Septal Defects

(Atrial Septal Defect; Atrioventricular Canal Defect; Atrioventricular Septal Defect; Endocardial Cushion Defect; Ventricular Septal Defect)


Septal defects are problems with the structure of the heart. They are present at birth. Septal defects are located on the inside of the heart. They are on a wall that separates the chambers of the heart. There are 2 upper chambers of the heart called atrium. 2 lower chambers of the heart are called ventricles.In a healthy heart, the blood flows from the body to the right atrium. The blood then goes into the right ventricle. The ventricle pumps this blood to the lungs to pick up fresh oxygen. The blood then returns to the left side of the heart. It enters the left atrium first, then down to the left ventricle. The ventricle pushes the blood out to the rest of the body.Septal defects allow the blood to move between the left and right chambers. The blood most often moves from the left side of the heart into the right side. This means that blood that has just returned from the lungs may end up being sent right back to the lungs. As a result, both the heart and lungs have to work harder than they need to work.There are 3 main types of septal defects:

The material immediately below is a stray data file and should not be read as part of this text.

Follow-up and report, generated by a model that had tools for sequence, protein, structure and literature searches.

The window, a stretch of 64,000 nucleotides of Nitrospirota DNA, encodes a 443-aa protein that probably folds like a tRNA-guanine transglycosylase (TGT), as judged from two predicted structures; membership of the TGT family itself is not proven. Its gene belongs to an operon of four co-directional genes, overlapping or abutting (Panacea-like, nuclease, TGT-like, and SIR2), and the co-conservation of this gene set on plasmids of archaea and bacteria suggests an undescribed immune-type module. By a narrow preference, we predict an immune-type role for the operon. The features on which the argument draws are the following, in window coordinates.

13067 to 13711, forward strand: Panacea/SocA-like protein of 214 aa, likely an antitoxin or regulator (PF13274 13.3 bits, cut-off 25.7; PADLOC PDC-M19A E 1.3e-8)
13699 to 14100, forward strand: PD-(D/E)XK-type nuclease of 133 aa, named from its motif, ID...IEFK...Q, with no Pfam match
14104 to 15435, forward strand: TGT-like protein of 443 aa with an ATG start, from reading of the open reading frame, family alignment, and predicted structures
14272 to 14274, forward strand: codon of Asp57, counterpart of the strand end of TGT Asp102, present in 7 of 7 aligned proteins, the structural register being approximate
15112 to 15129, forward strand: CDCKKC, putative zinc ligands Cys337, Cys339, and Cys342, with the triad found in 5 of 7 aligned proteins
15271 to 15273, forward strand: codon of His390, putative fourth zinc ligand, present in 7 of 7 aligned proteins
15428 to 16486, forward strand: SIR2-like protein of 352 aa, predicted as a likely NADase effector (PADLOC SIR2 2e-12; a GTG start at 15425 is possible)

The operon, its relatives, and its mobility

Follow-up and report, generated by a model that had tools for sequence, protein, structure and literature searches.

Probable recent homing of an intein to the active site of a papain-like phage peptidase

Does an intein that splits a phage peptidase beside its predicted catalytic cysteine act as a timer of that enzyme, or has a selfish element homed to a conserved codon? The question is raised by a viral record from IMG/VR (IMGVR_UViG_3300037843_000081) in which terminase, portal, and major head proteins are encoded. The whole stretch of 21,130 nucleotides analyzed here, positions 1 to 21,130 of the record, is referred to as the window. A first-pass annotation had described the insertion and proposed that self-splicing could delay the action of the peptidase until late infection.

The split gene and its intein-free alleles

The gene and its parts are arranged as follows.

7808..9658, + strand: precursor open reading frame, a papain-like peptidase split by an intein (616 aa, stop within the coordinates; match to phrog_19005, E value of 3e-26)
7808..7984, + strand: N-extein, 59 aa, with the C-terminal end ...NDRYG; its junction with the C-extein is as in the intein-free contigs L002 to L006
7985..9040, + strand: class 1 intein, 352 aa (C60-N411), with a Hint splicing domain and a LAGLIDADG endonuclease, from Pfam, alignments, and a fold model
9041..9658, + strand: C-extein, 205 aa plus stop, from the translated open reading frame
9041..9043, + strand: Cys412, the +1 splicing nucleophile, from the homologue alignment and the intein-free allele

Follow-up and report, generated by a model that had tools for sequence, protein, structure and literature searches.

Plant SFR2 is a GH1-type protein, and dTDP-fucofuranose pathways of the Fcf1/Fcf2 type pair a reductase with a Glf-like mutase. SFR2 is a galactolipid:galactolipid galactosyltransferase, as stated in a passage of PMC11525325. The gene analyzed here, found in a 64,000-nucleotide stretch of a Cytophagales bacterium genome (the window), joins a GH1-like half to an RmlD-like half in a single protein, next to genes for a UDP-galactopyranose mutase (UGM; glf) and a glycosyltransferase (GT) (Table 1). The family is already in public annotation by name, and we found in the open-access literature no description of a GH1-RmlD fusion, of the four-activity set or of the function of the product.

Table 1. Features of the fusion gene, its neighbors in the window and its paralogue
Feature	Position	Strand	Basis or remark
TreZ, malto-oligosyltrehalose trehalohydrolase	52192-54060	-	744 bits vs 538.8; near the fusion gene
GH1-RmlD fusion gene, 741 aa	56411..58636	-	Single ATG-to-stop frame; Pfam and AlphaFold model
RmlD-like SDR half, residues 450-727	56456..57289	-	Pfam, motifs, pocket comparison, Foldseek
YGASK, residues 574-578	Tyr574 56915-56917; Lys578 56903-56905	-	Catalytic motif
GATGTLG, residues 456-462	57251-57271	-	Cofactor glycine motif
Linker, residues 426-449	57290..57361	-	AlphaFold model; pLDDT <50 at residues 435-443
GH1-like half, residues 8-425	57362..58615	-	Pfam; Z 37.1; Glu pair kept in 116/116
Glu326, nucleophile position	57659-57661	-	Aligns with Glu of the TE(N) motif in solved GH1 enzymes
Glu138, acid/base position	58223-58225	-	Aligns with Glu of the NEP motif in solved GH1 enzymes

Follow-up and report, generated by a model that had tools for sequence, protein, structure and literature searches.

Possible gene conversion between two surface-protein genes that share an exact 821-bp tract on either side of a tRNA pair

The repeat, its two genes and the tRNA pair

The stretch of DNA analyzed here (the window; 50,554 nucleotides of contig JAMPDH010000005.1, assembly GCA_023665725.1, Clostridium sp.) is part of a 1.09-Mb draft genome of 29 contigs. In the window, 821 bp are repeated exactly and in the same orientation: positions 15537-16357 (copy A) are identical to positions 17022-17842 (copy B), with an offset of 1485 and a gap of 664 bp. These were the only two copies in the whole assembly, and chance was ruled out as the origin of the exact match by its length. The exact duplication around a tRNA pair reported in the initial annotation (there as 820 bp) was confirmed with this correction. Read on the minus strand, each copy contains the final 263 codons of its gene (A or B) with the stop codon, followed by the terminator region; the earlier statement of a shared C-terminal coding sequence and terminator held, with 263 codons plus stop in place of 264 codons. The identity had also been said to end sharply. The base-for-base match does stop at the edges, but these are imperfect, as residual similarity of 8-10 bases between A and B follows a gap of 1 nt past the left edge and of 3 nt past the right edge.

• Atrial septal defect (ASD)—a hole in the wall between the 2 upper chambers (atrium) of the heart
  • Ventricular septal defect (VSD)—a hole in the wall between the 2 lower chambers (ventricles) of the heart
  • Atrioventricular septal defect (AVSD)—a combination of ASD, VSD, and problems with opening between chambers called valves
The stress of pushing extra blood to the lungs may lead to heart failure. The following information applies to all 3 of these defects except where noted.
Ventricular Septal Defect
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In most cases the cause is not known.

Risk Factors

Factors that may increase the risk of septal defects include:
  • Family history of congenital heart defects
  • Exposure to a viral infection, drugs, or alcohol during pregnancy
  • Certain medications, such as those used to treat seizure disorder

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